During the time between feedings, I felt such an intense bond with my son. My heart was bursting with love and I couldn't be happier. I was so proud of my adorable little family. I never felt like I had postpartum depression. Beyond your typical baby blues, I didn't experience any negative emotions outside of breastfeeding. I didn't understand why I hated breastfeeding so much. A neighbor had a baby around the same time I had my son and she loved breastfeeding her daughter. She would talk about how it helped them bond. I honestly thought she was exaggerating or making it up. Nobody could feel that way about breastfeeding. It seemed so unnatural to enjoy it when to me, it was depressing and lonely.

I started to dread feeding my son. I hated doing it, but I plugged along knowing it was best for him. I made sure to breastfeed him in front of the tv to distract myself from the flood of negative emotions. Those who know me personally know that I don't even get local channels on my tv let alone cable. I'm strictly a movie buff, or I watch seasons of a select few tv shows if they are on netflix. I never watch tv. Camping out in front of the television was very unusual behavior for me. (At the time we lived with my parents who have cable, but now that we have our own place we don't even have our tv hooked up to local channels.)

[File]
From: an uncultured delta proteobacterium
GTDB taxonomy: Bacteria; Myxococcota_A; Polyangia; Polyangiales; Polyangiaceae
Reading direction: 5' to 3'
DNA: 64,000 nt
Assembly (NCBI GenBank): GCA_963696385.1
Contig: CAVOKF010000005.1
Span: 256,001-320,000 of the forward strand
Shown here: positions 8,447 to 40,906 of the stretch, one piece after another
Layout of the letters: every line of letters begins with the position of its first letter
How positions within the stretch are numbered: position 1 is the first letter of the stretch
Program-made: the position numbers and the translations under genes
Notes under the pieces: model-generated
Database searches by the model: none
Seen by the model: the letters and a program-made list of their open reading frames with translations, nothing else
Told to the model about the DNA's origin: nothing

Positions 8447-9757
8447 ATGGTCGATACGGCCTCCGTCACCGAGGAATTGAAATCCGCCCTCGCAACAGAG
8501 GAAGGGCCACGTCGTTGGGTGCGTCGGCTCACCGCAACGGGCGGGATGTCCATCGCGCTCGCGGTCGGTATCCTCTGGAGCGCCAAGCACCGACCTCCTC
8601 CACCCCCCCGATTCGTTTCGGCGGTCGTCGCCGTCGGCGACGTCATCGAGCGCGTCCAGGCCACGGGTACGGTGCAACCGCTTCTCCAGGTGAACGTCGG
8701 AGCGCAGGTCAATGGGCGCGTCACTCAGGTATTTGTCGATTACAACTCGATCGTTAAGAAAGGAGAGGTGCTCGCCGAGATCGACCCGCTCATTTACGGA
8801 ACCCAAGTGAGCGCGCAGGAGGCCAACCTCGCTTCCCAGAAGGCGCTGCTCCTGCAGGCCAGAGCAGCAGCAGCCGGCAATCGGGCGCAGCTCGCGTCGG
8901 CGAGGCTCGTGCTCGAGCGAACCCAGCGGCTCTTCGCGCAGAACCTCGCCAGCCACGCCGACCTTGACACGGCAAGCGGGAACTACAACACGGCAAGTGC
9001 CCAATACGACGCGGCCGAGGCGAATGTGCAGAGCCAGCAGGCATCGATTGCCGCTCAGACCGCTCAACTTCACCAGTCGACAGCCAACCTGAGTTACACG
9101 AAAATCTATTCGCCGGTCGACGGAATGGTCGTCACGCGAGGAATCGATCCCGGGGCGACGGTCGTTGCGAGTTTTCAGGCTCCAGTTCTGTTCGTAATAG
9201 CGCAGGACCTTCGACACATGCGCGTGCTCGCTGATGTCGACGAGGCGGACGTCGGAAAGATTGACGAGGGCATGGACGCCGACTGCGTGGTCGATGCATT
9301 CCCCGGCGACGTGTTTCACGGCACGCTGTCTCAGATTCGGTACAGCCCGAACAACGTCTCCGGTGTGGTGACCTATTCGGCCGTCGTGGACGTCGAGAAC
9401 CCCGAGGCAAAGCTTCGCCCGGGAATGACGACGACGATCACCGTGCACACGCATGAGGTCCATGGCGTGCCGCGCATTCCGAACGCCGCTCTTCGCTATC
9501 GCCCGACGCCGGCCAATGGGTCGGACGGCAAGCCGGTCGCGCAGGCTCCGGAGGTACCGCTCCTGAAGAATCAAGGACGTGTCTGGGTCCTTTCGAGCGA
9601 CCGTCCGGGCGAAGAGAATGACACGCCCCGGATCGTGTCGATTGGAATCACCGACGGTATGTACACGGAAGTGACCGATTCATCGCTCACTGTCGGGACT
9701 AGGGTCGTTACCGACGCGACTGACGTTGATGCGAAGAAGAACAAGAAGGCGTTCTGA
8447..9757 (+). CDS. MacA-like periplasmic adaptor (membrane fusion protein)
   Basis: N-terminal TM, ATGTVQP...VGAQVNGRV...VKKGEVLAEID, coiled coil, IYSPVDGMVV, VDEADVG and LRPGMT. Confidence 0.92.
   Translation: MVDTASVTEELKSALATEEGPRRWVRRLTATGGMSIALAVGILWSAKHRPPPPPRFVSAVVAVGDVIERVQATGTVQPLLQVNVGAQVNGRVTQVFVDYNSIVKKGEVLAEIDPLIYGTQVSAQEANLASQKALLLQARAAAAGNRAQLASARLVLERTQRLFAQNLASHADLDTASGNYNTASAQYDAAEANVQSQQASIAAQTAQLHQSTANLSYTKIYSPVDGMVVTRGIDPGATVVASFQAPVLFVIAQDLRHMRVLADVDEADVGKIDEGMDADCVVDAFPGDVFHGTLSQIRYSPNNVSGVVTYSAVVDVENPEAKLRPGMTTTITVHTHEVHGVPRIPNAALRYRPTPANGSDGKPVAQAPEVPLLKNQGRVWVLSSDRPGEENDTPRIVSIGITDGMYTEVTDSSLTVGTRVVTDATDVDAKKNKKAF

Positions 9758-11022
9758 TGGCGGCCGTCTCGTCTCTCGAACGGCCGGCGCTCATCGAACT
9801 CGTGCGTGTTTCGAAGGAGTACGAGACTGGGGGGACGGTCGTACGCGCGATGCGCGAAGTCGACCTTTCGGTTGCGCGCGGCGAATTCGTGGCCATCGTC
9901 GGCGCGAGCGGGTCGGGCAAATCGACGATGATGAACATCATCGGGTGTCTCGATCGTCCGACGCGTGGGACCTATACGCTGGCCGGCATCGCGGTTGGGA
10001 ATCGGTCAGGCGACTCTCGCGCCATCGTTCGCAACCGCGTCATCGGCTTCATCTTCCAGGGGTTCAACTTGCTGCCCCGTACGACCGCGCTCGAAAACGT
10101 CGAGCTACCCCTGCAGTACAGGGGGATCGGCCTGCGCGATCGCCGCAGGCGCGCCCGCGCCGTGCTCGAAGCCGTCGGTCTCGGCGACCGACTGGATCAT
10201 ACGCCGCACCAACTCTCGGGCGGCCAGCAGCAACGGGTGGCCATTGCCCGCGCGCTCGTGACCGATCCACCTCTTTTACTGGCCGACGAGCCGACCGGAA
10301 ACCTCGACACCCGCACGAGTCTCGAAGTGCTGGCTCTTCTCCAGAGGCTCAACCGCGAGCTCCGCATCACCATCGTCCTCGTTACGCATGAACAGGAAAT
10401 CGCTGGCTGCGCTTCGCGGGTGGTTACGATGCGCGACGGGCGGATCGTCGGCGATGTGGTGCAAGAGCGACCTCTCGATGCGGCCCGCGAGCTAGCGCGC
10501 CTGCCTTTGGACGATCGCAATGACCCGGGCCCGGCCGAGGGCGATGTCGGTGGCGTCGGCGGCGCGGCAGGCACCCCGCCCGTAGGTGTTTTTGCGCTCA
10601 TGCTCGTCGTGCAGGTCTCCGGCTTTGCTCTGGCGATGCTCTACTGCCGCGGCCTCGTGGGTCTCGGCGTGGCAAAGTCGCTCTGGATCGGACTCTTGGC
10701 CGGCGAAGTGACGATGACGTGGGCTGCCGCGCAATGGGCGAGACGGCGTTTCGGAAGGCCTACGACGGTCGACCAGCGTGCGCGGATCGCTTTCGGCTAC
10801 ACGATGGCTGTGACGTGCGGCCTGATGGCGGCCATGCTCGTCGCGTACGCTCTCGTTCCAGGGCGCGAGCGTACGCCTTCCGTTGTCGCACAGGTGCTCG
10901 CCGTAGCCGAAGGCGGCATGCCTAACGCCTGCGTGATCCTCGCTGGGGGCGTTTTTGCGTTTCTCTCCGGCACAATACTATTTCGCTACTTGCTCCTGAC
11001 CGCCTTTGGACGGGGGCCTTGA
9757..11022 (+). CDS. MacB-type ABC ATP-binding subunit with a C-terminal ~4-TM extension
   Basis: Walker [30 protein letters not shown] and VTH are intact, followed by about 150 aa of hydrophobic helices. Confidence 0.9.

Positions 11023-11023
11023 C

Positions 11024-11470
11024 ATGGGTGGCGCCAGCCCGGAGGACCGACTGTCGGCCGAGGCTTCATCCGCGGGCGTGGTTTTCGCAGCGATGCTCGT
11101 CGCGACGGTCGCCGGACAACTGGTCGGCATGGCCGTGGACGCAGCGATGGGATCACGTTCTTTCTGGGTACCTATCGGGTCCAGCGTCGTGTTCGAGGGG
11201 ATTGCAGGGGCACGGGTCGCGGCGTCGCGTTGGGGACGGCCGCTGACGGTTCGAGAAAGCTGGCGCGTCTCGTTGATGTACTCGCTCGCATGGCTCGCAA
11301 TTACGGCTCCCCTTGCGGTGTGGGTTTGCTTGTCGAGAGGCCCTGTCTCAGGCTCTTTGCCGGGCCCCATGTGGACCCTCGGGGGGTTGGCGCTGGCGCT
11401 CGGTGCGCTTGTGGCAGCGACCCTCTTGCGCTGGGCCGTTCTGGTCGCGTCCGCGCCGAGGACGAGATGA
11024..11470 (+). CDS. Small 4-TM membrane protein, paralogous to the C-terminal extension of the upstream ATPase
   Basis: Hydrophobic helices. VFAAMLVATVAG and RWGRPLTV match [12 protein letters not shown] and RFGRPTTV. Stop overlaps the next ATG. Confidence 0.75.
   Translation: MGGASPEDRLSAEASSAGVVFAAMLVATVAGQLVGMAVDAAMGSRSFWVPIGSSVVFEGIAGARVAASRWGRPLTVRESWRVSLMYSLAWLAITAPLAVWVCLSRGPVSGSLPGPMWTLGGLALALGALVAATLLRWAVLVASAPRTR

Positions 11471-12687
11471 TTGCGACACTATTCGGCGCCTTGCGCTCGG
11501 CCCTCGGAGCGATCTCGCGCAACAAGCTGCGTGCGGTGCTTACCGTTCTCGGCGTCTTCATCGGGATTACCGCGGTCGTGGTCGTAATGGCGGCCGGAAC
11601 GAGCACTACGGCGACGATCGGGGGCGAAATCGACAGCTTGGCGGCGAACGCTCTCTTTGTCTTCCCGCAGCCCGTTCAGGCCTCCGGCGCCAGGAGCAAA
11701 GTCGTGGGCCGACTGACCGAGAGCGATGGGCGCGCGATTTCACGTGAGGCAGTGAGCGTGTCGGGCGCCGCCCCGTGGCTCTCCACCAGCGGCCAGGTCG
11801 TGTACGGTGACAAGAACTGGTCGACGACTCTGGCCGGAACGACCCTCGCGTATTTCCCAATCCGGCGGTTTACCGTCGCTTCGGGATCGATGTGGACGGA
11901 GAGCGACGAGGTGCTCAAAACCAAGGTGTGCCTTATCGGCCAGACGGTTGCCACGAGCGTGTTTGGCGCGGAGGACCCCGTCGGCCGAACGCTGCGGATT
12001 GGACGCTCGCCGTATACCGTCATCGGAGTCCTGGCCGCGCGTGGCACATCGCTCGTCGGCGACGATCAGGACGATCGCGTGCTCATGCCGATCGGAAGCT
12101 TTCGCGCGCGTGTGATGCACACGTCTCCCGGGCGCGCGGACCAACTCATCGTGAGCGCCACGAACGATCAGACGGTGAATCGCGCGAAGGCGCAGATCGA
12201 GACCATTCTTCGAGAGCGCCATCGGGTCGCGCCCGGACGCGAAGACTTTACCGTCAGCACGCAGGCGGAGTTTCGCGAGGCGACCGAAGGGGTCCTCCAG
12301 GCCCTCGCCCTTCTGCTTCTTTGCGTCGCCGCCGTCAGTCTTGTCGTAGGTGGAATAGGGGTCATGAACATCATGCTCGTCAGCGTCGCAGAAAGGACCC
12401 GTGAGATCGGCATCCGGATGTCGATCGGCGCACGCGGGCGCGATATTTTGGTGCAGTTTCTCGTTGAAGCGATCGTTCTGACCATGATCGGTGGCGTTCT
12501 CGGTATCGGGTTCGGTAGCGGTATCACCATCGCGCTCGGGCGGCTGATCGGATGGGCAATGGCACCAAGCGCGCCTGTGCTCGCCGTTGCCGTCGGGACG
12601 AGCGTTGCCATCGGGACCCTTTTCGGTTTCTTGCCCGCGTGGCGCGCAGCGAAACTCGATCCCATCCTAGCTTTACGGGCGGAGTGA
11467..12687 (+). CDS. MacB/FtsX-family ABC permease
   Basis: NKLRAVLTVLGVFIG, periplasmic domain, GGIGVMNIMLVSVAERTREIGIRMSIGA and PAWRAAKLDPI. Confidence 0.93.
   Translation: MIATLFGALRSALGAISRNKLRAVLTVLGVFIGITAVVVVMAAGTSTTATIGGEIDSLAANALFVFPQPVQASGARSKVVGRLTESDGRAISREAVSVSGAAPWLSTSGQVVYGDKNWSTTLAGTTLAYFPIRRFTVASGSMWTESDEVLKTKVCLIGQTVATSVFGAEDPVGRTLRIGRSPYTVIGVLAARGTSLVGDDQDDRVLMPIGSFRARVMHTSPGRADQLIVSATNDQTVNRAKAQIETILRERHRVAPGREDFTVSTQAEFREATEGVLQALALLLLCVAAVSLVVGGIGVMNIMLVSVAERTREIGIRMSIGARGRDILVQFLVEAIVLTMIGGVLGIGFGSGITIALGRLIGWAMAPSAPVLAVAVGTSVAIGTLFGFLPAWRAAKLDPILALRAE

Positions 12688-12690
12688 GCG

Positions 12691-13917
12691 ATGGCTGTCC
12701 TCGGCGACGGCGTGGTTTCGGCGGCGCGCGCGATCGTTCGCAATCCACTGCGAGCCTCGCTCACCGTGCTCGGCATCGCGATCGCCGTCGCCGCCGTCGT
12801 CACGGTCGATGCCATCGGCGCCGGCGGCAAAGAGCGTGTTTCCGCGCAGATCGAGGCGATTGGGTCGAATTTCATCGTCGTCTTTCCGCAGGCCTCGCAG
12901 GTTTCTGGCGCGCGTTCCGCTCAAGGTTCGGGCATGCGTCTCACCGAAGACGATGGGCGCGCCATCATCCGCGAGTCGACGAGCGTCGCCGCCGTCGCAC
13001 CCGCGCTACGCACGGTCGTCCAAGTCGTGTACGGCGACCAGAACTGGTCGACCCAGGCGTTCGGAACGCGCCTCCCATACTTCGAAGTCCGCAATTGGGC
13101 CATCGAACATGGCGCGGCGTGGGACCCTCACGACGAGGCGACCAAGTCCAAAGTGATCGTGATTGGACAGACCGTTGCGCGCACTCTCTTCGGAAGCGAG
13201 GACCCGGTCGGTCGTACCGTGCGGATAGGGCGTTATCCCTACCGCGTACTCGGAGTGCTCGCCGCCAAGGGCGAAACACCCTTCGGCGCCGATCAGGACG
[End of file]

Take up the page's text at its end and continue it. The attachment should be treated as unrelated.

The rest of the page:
Pumping was even worse than breastfeeding. A successful pumping session would give me 2 ounces total and took 40 minutes. It was even more depressing than breastfeeding. Due to my work schedule and not having adequate time to pump, I began supplementing with formula. My son began to prefer a bottle especially during the summer months and eventually refused to breastfeed at all. I was sad and relieved at the same time. I didn't have to feel those negative and depressing feelings anymore, but I wanted to give my son the best nutrition possible.

I am so proud I lasted 7 months breastfeeding my son. It was a difficult experience and I wished I had been able to talk about or even acknowledge my feelings. I felt guilty for feeling the way I felt. I felt like no one would understand. I even felt like people wouldn't believe me. I am so glad that I found out more about this very real physiological (NOT psychological) disorder. It validated my feelings and made me finally feel at peace with my breastfeeding experience.

Despite my difficult experience, I truly believe breastfeeding is the best option for babies. I can't wait to breastfeed again! I am empowered with knowledge and experience. I still have a great support system and next time will be even better! I know that mothers experiencing D-MER can be successful breastfeeding mothers. Again, I'm SO proud I made it 7 months and can't wait to beat my record with a future baby!

This mama wrote a great post about her own experience with D-MER. If you experience anything like this as a breastfeeding mother, please know that your feelings are real and okay. There are treatments available and most importantly people out there who understand what you are going through. Breastfeeding isn't always a loving, bonding experience, but it's worth the struggle. Please know that what you are feeling is real. Help spread the word about this disorder so we can empower and support each other. For more info:


DoulaSummer said... [Reply to comment]

Thank you for sharing your experience! I can only imagine how difficult it must have been for you and you definitely have much to be proud of!!

Shawna said... [Reply to comment]

Thank you so much for sharing this! You are an inspiration!